Market analysts frequently rely on the exponential growth formula:

Where P(t) is the present value, P(0) is the initial value, e is Euler's Number, r is the exponential growth rate (usually a decimal), and t is time.  Note: r is not the same as the percent change (i.e. r of 0.07 ≠ 7% growth), but we’ll take care of that.

In finance, the most common basis for comparison is the year; its quick, easy, and gives the investor a pretty clear idea of how their investment would have faired if they picked this security 365 days ago.  The standard year also allows for easy comparisons between multiple securities.  Rather than trying to relate the S&P 500’s gain of 142 points to the DOW Jones’ 12, investors just convert the change into a percent.

To calculate this annual percentage change, or yield, we rearrange the exponential growth formula to solve for r (and convert r to an actual percentage):

You’ll notice, if you plug in the prices of your favorite stock the percentage change is just the same if you were to simply divided the two.  Why the extra math?  

In short, investors want to know how their investments perform over multiple years.  20% in one year is far more productive than 20% in 100 years.  So to keep things simple, investors prefer to keep everything on the same time scale, aka one year.  Thus we need to convert 20% in 100 years to some percentage per year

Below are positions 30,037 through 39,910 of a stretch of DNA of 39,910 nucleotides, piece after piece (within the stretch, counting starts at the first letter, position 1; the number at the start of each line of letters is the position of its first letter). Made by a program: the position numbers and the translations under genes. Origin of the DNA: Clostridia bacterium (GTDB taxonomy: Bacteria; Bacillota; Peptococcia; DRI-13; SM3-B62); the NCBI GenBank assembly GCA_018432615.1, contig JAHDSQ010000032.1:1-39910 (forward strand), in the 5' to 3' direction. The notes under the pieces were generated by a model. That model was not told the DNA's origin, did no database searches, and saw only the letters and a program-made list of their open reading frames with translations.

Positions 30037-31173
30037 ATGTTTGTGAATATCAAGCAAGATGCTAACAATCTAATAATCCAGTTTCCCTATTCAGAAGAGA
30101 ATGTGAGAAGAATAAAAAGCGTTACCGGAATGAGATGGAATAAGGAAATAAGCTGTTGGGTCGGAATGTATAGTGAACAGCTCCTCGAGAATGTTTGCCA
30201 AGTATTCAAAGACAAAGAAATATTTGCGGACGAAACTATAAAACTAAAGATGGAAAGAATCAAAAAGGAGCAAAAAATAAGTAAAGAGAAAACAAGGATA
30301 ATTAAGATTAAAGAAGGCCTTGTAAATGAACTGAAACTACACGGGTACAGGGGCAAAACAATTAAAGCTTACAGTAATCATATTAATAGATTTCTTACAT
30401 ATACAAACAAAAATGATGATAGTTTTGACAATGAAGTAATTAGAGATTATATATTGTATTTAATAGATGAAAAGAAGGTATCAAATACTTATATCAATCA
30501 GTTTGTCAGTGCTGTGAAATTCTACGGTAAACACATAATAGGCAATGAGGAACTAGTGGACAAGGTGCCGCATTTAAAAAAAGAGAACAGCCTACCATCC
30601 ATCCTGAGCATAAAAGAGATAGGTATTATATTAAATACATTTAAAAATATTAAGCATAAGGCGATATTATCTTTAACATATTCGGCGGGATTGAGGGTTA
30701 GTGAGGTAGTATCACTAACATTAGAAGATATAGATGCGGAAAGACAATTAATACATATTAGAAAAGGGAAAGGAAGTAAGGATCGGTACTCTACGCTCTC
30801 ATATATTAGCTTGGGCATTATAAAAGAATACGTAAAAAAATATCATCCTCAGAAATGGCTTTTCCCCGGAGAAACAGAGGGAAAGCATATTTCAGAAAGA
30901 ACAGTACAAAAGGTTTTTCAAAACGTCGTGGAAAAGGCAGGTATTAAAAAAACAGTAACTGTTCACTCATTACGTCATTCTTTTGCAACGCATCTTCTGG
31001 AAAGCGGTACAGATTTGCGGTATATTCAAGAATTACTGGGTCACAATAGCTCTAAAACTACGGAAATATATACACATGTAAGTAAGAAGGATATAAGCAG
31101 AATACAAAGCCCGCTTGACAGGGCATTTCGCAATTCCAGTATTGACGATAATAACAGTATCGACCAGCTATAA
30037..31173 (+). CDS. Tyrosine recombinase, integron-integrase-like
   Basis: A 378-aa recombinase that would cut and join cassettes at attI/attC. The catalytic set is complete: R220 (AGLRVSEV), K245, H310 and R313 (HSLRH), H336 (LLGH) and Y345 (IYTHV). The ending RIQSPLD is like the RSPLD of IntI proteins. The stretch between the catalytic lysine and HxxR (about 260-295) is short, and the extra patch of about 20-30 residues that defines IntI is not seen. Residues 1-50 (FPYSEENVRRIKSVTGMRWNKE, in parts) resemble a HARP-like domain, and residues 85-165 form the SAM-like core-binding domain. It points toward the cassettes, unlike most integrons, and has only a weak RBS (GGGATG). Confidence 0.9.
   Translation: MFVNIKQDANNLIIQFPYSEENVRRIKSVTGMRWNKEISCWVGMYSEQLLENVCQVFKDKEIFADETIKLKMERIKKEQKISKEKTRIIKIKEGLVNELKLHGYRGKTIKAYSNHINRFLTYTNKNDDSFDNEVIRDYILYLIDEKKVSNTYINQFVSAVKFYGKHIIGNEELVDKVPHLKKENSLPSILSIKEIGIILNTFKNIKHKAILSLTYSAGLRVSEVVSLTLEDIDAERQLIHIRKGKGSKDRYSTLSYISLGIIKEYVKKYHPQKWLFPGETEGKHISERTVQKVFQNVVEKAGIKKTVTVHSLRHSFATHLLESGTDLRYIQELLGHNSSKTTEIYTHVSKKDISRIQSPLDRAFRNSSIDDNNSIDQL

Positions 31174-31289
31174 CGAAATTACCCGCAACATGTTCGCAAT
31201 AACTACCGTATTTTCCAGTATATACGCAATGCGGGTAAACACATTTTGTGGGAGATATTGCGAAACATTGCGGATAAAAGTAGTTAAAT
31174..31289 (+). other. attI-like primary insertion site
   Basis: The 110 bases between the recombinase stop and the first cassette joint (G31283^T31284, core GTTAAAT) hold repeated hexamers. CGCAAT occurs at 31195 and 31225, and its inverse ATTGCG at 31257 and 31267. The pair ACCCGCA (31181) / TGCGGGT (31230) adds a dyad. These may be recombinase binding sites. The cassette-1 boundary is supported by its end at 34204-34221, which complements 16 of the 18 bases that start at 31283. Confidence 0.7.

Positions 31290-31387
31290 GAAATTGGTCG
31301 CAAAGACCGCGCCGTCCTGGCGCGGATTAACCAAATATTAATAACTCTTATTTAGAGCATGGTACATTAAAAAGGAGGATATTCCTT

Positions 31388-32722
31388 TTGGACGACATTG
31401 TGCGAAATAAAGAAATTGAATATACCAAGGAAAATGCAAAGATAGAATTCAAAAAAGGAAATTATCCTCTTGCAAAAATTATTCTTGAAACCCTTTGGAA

(Hint: it won’t work with simple division)

Give up?  We need to modify the annual percent yield formula to average (or annualize) our change over multiple years:

Now whither we use stock prices from last year, or last decade, we can easily compare multiple investments with a single %.  

What Ulmer Scientific Does

This blog uses the APY method to calculate investments’ yield from any time (or value) in the past to the time of publishing; essentially producing an APY-to-Date Chart.  These charts can be used to compare similar investment products (GLD vs IAU), investment classes (bonds, equities, etc.), or anything we can think of.  Here’s an example:

Annualized Percent Yield on the y-axis, dates to the present on the x-axis.  The true power of these charts comes into play when you can see the effects of major financial events, like the market crash of late 2008, or the difference dividends and distributions make over the long run.